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  The Essay

Introduction

Printing Technology and the Role of Illustration

America's Introduction to Aesthetics

Encyclopedias

Architectural Pattern Books

Architectural Advice Books: The A.J.s

Architectural Advice Books: Other Writers

Art Instruction and Leisure Pursuit Manuals

Exposition Catalogs

Conclusion

Further Information

 
Analysis of Beauty
Analysis of Beauty, Plate II, copperplate engraving, William Hogarth, The Analysis of Beauty, Written With a View of Fixing the Fluctuating Ideas of Taste, 1733.
Gift of J. Dennis Delafield.

Though exceptional in composition, Hogarth’s foldout illustrations presented a problem. Readers could not look at them and reference the text at the same time.
Printing Technology and the Role of Illustration

It is useful to understand the technology employed to create the illustrated book. Printing techniques used to create illustrations fall into three basic categories: relief (where the ink sits on the highest level of a carved printing block), intaglio (where the ink fills troughs carved into a plate and is then forced onto paper through pressure from a press), and planographic (where the ink rests on a completely flat surface). A woodcut print results from relief printing, a long lived technique. In the 19th century, a version of the woodcut, bearing the misnomer of “wood engraving,” assumed a premier role in book illustration because it could be set along side wooden moveable type. Copperplate engraving, an intaglio process, produced the most detailed illustrations, but the copperplates had to be run through the press separately from the wooden type. Even so, this technique was favored for fine printings. Alois Senefelder is credited with the invention of lithography, a planographic process, in 1798. This technique was far less labor intensive that carving a wood block or a copperplate. In lithography, the printer makes a sketch using a grease pencil on a flat piece of limestone, covers the surface in water, and then applies the ink. The ink adheres to grease and the resulting print possesses a crayon-like effect.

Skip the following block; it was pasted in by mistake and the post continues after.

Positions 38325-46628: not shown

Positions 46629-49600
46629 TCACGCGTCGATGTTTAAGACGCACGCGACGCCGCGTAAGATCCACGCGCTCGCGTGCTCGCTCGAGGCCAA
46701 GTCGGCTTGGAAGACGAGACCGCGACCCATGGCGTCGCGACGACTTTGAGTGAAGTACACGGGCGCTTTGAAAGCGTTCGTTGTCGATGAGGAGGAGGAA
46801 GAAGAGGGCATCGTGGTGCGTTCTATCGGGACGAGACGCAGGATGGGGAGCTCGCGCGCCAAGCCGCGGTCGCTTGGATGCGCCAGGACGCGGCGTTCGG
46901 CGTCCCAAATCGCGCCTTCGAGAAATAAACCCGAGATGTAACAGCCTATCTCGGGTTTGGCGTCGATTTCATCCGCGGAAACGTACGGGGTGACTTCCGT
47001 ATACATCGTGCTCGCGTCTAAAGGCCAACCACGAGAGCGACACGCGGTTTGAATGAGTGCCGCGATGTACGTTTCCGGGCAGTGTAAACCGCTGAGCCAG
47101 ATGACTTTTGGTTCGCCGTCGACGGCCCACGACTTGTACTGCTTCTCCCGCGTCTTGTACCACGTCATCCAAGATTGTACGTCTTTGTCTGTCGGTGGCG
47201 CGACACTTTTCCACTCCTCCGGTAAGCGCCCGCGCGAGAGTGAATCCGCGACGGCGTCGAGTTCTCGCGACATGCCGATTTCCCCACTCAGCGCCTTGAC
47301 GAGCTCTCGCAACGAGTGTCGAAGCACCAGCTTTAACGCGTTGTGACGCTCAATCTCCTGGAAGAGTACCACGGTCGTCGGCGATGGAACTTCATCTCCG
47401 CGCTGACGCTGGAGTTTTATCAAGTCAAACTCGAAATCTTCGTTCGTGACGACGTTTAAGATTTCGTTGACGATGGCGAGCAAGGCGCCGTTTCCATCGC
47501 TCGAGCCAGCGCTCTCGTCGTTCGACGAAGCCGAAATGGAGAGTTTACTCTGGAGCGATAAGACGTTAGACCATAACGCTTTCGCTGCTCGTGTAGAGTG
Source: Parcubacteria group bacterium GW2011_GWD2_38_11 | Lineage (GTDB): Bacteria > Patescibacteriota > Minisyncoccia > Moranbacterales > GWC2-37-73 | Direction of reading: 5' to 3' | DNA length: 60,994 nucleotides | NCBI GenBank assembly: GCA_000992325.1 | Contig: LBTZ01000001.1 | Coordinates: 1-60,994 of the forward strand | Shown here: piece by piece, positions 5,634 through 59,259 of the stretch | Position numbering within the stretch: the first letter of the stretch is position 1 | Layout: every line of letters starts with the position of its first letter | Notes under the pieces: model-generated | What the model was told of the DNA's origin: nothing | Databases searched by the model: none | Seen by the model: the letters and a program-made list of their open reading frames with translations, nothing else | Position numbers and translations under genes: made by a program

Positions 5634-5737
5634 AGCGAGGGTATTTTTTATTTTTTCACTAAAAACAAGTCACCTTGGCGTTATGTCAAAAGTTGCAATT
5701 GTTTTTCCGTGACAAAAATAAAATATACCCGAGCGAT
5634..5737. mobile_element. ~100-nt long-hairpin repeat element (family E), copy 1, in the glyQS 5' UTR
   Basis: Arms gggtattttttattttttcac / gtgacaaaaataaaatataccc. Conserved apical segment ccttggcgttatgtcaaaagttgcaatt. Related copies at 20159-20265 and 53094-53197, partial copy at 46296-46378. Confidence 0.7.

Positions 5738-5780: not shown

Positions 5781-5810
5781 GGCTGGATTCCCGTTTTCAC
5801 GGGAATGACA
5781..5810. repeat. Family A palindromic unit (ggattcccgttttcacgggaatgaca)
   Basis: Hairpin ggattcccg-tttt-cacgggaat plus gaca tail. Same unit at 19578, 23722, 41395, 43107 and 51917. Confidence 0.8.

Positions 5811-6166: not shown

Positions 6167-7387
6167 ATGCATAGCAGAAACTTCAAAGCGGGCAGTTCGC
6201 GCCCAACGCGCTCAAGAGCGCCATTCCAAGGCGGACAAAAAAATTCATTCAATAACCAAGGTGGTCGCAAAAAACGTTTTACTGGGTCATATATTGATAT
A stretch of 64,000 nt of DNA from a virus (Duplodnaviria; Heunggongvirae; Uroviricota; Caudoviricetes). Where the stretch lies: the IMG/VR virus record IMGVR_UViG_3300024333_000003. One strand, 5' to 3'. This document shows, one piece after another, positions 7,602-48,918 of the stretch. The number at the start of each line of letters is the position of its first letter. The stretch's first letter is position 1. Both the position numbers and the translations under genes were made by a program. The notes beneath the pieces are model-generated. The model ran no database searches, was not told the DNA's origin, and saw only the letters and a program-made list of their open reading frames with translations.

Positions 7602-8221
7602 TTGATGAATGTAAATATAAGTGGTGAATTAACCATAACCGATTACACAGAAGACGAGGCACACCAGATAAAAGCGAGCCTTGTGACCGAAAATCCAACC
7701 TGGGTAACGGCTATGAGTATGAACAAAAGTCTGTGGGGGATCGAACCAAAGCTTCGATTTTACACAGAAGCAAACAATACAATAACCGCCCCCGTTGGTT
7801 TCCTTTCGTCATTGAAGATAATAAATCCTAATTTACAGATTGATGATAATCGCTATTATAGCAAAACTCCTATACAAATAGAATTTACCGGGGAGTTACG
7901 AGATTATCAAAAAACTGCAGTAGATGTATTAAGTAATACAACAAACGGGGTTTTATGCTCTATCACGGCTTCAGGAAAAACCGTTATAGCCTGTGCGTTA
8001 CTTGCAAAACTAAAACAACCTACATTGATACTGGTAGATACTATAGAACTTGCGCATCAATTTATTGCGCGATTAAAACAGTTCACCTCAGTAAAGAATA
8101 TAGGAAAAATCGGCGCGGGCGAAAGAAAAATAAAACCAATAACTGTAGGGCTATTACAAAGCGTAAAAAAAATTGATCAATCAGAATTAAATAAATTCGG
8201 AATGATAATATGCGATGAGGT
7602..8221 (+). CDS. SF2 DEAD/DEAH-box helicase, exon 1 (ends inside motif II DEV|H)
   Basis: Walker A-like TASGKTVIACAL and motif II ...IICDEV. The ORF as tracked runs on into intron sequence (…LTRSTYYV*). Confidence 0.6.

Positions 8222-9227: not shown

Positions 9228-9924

The Practice of Wood Engraving
The Practice of Wood Engraving,”
The Illustrated London News, July 6, 1844

Other technological advances pushed the illustrated book form forward. In the 1810s, the printing press, formerly worked by hand, became steam-powered. The steam-driven press then met its ideal partner, a machine that could produce continuous rolls of paper. Two decades later, mechanical typesetting equipment made true mass printing possible.

 

The Value of Book Illustration